So what is Szechuan or Sichuan food?
“Szechuan is a style of chinese cuisine originating in the Sichuan province of southwestern China that has bold flavours, particularly the pungency and spiciness resulting from liberal use of garlic and chili peppers, as well as the unique flavour of the Sichuan peppercorn (花椒). Peanuts, sesame paste, and ginger are also prominent ingredients in Szechuan cooking” Wikipedia
Last week I was invited to Seventeen restaurant in Notting Hill for a bit of a food bloggers evening to indulge in some szechuan food! I did not know what to expect, having not been too familiar with this type of cuisine but I was very excited all the same. It was lovely to mingle and feast amongst other fellow food bloggers and all camera and iPhones were out snapping at the ready.
I have not heard of Seventeen before but it has been established since 2009 in the trendy and hip district of Notting Hill located not far from the tube station. Upon arriving (slightly out of breath) from trying not to be late, I was greeted by the friendly manager Mark, who led me to a partitioned area of the restaurant downstairs to meet my fellow dining guests.
The restaurant is dim-lit, with beautiful traditional fused with contemporary decor to create a relaxed, ambient environment in which to dine and to compliment its cuisine.
The restaurant specialises in eclectic chinese, Cantonese, Shanghai fusion of dishes aswell as Sichuan cuisine for those more acclaimed to spicy dishes. They also do tapas style dishes which is great for those who are curious to try out a variety, especially if new to the cuisine and not sure what to order.
To start we were tempted with spicy cumin lamb skewers, these succulent pieces of lamb were laden with red flecks of chilli, at first I was quite apprehensive but bucked up the courage and got down to the nitty-gritty. They were not actually too spicy, the heat arriving later on in the aftertaste, but a great introduction to the meal.
Then came along the best dish for me, it was the slow cooked beef shank with szechuan chilli. The thin slices of beef shank were soft, melting tender, being a colder dish it worked so well against the spiced szechuan chilli it was served in.
The next dish was a bit of a spectacle to see, a large decorative bowl contained soft,blanched in water, white fish pieces amongst a mass of red chillies, more like a sea of red chillies! It’s enough to scare anyone off, but exciting in its entirety, using a ladle you “fish” out those white pieces of flesh from the hot oil (infused with chilli and peppercorn) and eat with steamed rice. It was not as hot as I expected it to be, but the fish was so velvety soft and worked well.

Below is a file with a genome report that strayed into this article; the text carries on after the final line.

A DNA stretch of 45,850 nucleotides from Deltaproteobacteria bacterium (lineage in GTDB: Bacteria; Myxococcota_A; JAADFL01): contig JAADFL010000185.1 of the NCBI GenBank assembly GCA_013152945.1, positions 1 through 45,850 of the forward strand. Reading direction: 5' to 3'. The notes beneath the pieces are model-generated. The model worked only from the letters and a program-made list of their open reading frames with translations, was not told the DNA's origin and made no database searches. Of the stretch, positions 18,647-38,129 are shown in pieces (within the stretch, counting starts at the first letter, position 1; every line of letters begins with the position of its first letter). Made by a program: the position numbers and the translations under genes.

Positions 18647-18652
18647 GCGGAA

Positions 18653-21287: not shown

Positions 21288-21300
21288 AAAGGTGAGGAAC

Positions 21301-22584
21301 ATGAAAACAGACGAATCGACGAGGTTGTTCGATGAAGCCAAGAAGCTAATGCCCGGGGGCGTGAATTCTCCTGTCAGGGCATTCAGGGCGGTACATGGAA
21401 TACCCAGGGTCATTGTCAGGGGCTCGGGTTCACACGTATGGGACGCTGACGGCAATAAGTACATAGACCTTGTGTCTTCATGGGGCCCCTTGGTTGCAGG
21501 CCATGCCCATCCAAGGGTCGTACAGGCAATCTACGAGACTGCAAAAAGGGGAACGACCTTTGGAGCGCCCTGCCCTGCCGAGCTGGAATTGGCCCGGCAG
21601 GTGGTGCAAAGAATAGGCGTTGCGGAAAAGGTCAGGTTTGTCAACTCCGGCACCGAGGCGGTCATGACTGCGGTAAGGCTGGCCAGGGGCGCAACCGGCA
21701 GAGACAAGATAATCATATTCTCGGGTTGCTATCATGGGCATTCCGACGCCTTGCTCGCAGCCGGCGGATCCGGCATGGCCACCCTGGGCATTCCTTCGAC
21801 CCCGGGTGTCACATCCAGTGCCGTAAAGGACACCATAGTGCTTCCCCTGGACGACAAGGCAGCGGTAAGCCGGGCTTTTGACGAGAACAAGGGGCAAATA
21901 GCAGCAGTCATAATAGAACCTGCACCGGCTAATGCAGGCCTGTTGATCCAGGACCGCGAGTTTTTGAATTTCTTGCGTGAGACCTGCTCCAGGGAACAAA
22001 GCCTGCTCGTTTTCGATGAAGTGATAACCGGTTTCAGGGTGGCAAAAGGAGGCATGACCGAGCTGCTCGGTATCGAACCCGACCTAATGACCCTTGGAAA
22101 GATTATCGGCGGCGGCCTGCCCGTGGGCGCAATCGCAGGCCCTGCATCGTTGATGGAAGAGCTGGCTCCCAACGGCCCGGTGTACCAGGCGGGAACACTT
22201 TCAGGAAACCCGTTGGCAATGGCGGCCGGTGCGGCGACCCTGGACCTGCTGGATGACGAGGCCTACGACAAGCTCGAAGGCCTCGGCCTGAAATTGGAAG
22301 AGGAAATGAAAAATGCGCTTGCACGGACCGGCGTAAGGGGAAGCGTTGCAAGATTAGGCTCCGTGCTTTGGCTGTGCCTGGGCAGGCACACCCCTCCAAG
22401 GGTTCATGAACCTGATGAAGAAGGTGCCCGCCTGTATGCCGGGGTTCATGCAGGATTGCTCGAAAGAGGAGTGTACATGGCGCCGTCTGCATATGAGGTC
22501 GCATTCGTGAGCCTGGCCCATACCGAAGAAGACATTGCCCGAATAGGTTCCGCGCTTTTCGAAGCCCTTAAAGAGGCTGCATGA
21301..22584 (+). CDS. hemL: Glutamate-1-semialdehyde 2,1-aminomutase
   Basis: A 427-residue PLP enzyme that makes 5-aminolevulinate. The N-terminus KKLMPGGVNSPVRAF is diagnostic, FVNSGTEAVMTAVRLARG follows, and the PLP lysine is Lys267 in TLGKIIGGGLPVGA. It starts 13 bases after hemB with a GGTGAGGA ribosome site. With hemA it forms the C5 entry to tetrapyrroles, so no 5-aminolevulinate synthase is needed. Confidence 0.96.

The cold dish of steamed chicken in chilli and oil was beautifully presented. Slices of white chicken pieces, amassed in a pool of bright red chilli infused oil and broth with flecks of chilli flakes and sesame seeds. This was a welcomed break of cold-hot dishes in temperature to play fancy with your taste buds and excite the palette with new textures and levels of heat.
The twice cooked belly pork was served with deep-fried green beans with mince and choi sum greens with garlic to add great texture compatibility of crunch with the soft pieces of belly pork. It combined traditional flavours of chilli, garlic,peppercorns and rice wine and this sauce was lightly dressed over the belly pork, great with steamed rice.
To end our journey into our Sichuan “fire feast” we welcomed a sweet pudding of mango jelly, vibrant yellow with sharp, sweet mango flavour and sticky mochi balls filled with black sesame and peanut. These were my favourite and I would have many more if I could.. deliciously sweet & savoury with jelly like, glutinous texture. Perfect with a cup of jasmine tea.
It was a fun-filled evening with great company to explore the wonder of Szechuan cuisine at a perfect location of Seventeen. If you fancy trying out something different, this is a great place to start.